Tuesday, September 2, 2014

Wallet Scoring System

I have had more a few scoring systems in the works since the beginning of the site and over time, some have been scrapped and others have been tweaked.  The scoring system for wallets has been tweaked a few times and yet I never put it out because I was always afraid that I was coming too close to reviewing something related to fashion.  I know nothing about fashion.  I can't even match clothes (this is the one way in which being required to wear a suit is a good thing--I don't have to worry if my pants and jacket go together).  So I was hesitant.  No wallet scoring system.  But over time reviews of wallets have been among the most viewed articles on the site and folks have requested more of them and scores for them.  With that in mind, I am finally ready to unveil the scoring system for wallets. But remember, this is not a fashion review, but a review of how they work. 

As with all of the scoring systems on the site it is provisional, and subject to change.  It is also evaluating something from my perspective only.  There are many finely made wallets that I do not like and thus they would receive a poor score.  I do not know or care about the fashion statements wallets make.  I want it to work well.  As with almost every item I carry I want something as small and light as possible so long as it still works.  I am merciless on my wallet and it returns the favor, so I want it to be as tiny as I can get it.  The giant purse wallets that women sometimes carry baffle me.  Hamburger wallets aren't my favorite--their stacks of cards are annoying and can cause pain. But at the same time, I want something more than a rubber band and a paper clip (which is what a lot of the Kickstarter wallets seem to be made of these days).   With that said, here's the scoring system, again out of 20.

All of the scoring systems can be found under the Reviews tab above.

Imports from other scoring systems:

Design: how something would appear in blueprints or in CAD.

Fit and Finish: how something is made, the ability to translate the design into a real object with as few errors as possible.

Materials (from the bag and pack scoring system): the quality of the fabrics/leathers/zippers etc.

Carry: how the wallet rides in the pocket.

Accessibility (from the bag and pack scoring system): how easy it is to get things out of the wallet.

Unique or altered for wallets:


Generally wallets come in a few flavors--there are what I (or more accurately my wife) calls the Spiderman wallets, then there are the classic bi or trifolds, then there are the hardside wallets, and last there are what can only be described as the inventor wallets--the contraptions from Kickstarter.  Only a few of these are categorical failures in my opinion.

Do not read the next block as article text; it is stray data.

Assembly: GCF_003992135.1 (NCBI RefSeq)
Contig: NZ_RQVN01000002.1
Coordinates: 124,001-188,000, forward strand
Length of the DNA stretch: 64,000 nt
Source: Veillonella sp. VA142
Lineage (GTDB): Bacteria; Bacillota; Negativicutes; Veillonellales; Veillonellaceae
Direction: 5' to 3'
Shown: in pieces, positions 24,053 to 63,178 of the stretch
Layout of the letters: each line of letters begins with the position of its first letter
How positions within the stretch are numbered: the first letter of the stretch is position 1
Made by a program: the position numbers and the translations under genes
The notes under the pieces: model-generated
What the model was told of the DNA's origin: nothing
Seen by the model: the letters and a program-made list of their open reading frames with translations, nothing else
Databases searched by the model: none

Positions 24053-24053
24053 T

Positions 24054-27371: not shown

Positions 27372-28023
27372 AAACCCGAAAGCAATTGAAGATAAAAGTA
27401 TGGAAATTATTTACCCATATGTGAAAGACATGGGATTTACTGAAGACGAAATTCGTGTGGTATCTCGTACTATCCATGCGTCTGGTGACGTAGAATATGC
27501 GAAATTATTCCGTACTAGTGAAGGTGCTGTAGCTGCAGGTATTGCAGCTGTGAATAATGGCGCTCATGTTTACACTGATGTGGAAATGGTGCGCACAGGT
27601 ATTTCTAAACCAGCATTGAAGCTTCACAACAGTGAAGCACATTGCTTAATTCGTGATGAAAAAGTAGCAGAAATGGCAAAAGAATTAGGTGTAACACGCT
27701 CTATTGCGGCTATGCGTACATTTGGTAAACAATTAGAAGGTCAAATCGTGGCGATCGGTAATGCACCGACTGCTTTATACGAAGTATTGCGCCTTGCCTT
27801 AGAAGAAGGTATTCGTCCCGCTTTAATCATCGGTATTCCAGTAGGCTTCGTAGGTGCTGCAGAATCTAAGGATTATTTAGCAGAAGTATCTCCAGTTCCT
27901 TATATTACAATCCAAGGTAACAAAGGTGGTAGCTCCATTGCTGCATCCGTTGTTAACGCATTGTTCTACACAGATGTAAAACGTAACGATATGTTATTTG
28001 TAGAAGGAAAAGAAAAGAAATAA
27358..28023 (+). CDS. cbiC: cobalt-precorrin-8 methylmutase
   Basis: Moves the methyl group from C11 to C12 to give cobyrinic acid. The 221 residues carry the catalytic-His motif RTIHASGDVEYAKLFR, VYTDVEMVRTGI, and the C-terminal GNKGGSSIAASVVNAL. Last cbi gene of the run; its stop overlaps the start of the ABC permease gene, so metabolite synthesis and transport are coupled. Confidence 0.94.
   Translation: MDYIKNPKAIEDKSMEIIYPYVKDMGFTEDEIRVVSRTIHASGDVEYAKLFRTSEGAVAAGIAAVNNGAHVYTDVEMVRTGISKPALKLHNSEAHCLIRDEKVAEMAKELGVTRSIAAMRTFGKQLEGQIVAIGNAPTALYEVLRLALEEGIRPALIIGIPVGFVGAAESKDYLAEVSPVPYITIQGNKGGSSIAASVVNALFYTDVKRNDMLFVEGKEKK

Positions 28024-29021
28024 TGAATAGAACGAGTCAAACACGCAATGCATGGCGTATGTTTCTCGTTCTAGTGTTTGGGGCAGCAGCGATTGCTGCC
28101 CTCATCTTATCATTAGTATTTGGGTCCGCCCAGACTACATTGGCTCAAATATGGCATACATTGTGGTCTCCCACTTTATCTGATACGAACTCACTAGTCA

The Spiderman wallet, a fabric wallet with a velcro or snap enclosure is just not a good design.  Here is a classic example of what I mean by "Spiderman wallet".  I am sure they are functional and they hold a lot of stuff, but that's the only thing a wallet needs to do.  It also has to look a certain way.  I hate to write that, but it is true.  These fabric wallets look childish, wear poorly (they last forever, but look like a shirt on the highway after about 10 minutes), are conspicuous to open and close, and just don't fit as part of things an adult carries.  Additionally, I'd probably prefer the super hero themes to the dull parade of black, brown, gray, camo, desert camo and green (and why exactly do I want a wallet that is hard to find and blends in if I drop it in the grass?) we are treated to with these wallets.  At least the super hero themes are interesting.

Classic wallets are fine, like this Bellroy bifold, the Note Sleeve:


Whether made of leather or other materials (like high tech sail fabric) these designs seem to work, though I can't see a reason to carry a trifold.  The design necessarily makes the wallet thick and bulky.  It basically tells folks where your wallet is and if that doesn't happen it can make you sit lopsided.  I am sure there are good trifolds out there.  I just haven't seen one.  

Hardside wallets are something I have always been conflicted about.  Clearly they can't be back pocket wallets (most wallets should be back pocket wallets), but for folks that need a lot of durability, they may be the only way to go.  Personally, I am not thrilled with the idea of a hard side wallet, but unlike the trifold or the Spiderman wallet, I can see how they can be useful.

The "wallets" that I have no real experience with are the card-and-band wallets from Kickstarter.  They come in all sorts of configurations and they all seem focused on the design limbo game of how low can they go with materials and still call it a wallet.  I am not sure if I could pull one of these off, but they don't seem per se bad.  They all, almost uniformly, tend to be expensive for what your getting.  After all many seem like nothing more than a credit card with a woman's scrunchy.